Proper development is essential for children. Developments during a person's childhood will have lasting effects throughout the rest of his/her life. The American Optometric Association says that infants should have their first comprehensive eye exam at 6 months of age and thereafter, children should have additional eye exams at age 3, and just before they enter the first grade, at about age 5 or 6.
Good eyesight is your child's main tool in the struggle for success in school. Every child should receive check-ups on a regular basis to check for conditions such as nearsightedness, farsightedness, and astigmatism that could adversely affect your child in the classroom and in their extra-curricular activities. “Eyesight is one of the most important factors in determining your child's success or failure in the classroom. Without proper eyecare your child can easily fall behind, even if they are giving it an A+ effort,” cautions Dr. Ty J. Miller, O.D. in Akron, Ohio. “Having eye exams for your child both early and often is important in allowing your eye doctor to check for basic skills related to good eyesight for life and learning. These include eye movement skills, ability to focus eyes together both close and far, peripheral awareness and hand-eye coordination.”
According to Dr. Miller, “Beyond classroom considerations, many very serious eye conditions may show symptoms even while your child is an infant. These conditions become much harder to correct, and threaten to affect your child's vision into adulthood, if they go a long time without treatment. Strabismus and amblyopia are two very common conditions that can easily be detected early if your child is given eye exams early and regularly.”
Strabismus is a common eye condition in which the eyes do not align properly. One eye may look straight while the other may look to the inside, outside, up or down. Strabismus happens when muscles that control eye movements are misaligned or underdeveloped. Other conditions affecting development, such as cerebral palsy, downs syndrome, prematurity or brain tumors often can cause a child to develop strabismus. In a child with strabismus, the misalignment of the eyes sends two entirely different images to the brain, causing the brain to have great difficulty or to be completely unable to combine the normally similar images from both eyes into one single interpreted image, a process called binocular fusion. If strabismus goes untreated for long enough, the child's brain eventually learns to deal with the differing images sent by the misaligned eyes by eliminating images that come from one of the eyes. This can cause a child to develop a further condition called amblyopia.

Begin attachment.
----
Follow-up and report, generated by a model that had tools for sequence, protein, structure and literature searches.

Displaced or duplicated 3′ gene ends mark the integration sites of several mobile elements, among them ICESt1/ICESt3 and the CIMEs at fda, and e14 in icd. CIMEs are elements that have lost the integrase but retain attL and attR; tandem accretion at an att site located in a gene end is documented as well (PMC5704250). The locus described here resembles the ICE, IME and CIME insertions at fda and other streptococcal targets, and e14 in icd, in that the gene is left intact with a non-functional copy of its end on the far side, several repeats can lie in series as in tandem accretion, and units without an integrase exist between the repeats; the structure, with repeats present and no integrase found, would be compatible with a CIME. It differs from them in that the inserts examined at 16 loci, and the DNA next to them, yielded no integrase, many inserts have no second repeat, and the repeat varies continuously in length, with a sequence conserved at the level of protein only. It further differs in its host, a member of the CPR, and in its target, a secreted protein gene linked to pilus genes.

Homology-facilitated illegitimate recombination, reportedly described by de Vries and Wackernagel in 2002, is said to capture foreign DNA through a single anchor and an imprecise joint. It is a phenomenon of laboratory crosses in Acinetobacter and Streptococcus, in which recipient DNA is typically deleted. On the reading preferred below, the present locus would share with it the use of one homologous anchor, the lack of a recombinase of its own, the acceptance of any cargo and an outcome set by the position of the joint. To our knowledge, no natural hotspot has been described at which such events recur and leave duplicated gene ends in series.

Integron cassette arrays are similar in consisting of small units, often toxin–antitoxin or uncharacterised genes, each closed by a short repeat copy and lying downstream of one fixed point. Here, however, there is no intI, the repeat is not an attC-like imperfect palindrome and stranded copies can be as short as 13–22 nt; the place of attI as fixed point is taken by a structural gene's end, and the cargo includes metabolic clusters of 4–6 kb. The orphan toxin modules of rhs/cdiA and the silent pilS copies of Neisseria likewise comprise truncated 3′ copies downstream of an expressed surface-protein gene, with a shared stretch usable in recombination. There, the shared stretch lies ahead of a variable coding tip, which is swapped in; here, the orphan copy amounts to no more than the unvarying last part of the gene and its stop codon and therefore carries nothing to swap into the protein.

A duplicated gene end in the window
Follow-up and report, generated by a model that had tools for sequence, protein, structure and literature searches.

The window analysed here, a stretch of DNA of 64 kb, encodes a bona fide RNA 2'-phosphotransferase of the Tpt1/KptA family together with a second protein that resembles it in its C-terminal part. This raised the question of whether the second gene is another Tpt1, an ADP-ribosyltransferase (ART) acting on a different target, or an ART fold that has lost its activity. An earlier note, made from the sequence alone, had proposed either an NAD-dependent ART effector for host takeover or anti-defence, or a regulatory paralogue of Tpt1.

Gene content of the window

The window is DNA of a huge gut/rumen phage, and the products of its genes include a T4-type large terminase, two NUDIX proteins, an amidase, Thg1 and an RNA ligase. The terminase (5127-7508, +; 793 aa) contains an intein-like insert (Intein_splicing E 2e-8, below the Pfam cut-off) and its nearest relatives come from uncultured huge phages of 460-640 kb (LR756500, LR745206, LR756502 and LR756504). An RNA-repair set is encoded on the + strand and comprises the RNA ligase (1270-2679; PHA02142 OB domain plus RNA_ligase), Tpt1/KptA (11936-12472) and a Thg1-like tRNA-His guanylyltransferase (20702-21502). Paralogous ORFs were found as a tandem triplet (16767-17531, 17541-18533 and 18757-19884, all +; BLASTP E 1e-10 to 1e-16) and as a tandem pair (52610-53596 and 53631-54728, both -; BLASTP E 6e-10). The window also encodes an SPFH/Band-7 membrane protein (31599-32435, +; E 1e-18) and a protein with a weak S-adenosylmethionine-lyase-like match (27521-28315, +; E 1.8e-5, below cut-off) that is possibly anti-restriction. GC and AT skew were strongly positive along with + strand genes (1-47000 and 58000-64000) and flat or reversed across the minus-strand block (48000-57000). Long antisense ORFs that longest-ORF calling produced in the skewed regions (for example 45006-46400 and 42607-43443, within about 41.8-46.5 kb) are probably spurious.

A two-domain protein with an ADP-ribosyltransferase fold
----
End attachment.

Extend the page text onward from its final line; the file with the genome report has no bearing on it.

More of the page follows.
Amblyopia is sometimes known as lazy eye. This is a common condition in which sight in one eye is extremely poor because that eye did not develop normal sight during a person's developmental stages. Left undiagnosed and untreated for too long, amblyopia can cause several problems to develop that can seriously effect vision from childhood into adulthood. The weaker eye may develop a serious and permanent visual defect and depth perception may be permanently lost.
Whether it is to be sure that your child can see the chalkboard in school, catch the football while running for a touchdown, or is protected from harmful eye conditions now and into adulthood, early, regular and thorough eye exams are absolutely essential for your child's healthy development.
Contact your eye doctor today for more information, and to schedule your child's comprehensive eye exam.